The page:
Home LifestyleHealth U.S. media reflects on five reasons why U.S. vaccination is in chaos
U.S. media reflects on five reasons why U.S. vaccination is in chaos

U.S. media reflects on five reasons why U.S. vaccination is in chaos

by YCPress

February 1st – The epidemic situation in the United States continues to worsen, and the number of COVID-19 deaths in January 2021 set a new record.

Meanwhile, the distribution of vaccines in the United States has also fallen into chaos, with more than 20 million doses of vaccines that have been distributed missing.

An article published in Fortune magazine on January 31 analyzed the reasons for the chaos of vaccination in the United States, including slow delivery of vaccines, different distribution policies, and lack of communication between government and local governments.

The excerpt of the article is as follows:

Slow delivery of vaccines and insufficient reserves

Whether it is Pfizer or Modena COVID-19 vaccine, it must be sent to the public health system, nursing home agencies and pharmaceutical partners after production is completed.

This raises the question of “last mile” where some medical institutions simply don’t know how many doses of coronavirus vaccine they will receive in a week.

“It’s basically a temporary procedure at local health facilities,” says Melanie Swift, who helped oversee the vaccination efforts at the Mayo Clinic in Minnesota.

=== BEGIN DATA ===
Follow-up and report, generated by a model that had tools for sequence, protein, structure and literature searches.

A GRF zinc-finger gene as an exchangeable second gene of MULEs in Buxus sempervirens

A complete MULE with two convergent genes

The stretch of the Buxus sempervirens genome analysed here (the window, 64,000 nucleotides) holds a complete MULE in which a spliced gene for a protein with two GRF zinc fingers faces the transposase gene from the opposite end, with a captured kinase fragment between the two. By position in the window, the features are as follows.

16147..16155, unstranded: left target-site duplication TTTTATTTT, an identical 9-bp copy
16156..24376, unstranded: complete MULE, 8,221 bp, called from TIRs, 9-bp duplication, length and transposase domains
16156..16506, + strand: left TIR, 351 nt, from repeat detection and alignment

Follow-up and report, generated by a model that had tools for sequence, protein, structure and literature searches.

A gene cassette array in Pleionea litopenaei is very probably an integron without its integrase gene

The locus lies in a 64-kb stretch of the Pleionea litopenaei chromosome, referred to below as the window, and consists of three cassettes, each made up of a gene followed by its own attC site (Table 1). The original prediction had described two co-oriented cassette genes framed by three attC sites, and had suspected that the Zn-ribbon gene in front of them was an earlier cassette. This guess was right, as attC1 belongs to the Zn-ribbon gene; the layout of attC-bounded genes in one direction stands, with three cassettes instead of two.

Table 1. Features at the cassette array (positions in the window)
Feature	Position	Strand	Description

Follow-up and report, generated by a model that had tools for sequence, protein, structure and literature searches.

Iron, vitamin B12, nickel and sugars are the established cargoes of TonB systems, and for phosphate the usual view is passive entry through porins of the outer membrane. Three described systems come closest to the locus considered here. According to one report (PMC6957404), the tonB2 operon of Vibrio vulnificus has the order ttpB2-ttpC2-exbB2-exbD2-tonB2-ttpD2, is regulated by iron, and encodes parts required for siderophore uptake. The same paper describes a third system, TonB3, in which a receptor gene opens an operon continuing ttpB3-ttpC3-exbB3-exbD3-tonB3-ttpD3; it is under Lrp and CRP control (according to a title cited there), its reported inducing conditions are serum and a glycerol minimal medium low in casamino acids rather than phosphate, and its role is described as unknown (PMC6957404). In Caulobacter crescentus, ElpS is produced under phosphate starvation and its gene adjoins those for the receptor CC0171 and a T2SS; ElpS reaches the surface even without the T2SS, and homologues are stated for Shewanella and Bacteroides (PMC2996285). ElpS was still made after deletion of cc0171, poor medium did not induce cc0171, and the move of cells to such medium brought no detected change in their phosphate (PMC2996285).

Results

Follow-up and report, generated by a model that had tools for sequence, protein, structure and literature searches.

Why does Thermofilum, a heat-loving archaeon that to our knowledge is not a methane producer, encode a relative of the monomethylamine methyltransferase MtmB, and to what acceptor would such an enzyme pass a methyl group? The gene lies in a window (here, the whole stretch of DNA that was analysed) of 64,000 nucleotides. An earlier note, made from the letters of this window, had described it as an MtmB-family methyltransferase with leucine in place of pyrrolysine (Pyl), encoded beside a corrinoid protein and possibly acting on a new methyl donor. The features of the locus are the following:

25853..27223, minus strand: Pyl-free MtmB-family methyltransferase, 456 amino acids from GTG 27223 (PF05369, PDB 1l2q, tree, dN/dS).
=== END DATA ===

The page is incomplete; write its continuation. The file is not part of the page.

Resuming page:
The federal government is in trouble with the vaccine stockpile. The U.S. government has previously claimed that as more and more people are eligible for the coronavirus vaccine, there are enough vaccines to meet the needs of states.

But after the government suggested that people over 65 years old can get vaccinated in mid-January, states such as Washington, New York and Oregon have not implemented distribution plans because of the serious shortage of vaccine reserves.

In addition, there is a shortage of basic materials for the manufacture of coronavirus vaccines, such as vials and syringes.

While the Biden administration invoked the Defense Production Act on January 27 to require businesses to accelerate the production of such materials, it is unclear which company is responsible for manufacturing.

Vaccination programs vary greatly from state to state.

After Pfizer and Modena’s COVID-19 vaccines were authorized for emergency use, the CDC issued a list of recommended priorities to the WHO with the keyword “recommendations.” As former U.S. Department of Health and Human Services (HHS) Secretary Azar said, states are ultimately responsible for determining their own vaccine promotion plans.

There are significant differences in vaccination rates by state.

For example, in Idaho and Missouri, the proportion of people who have had at least one or two doses of vaccine is 4.5%, compared with Alaska, which is as high as 11.4%. While some of them can be explained by different population densities, different policies in the states also play a role.

“Overall, we’ve found increasing differences between states, and whether you can get vaccinated at the early stage of vaccine distribution depends largely on where you live,” a report released by the Kaiser Family Foundation, a health care think tank.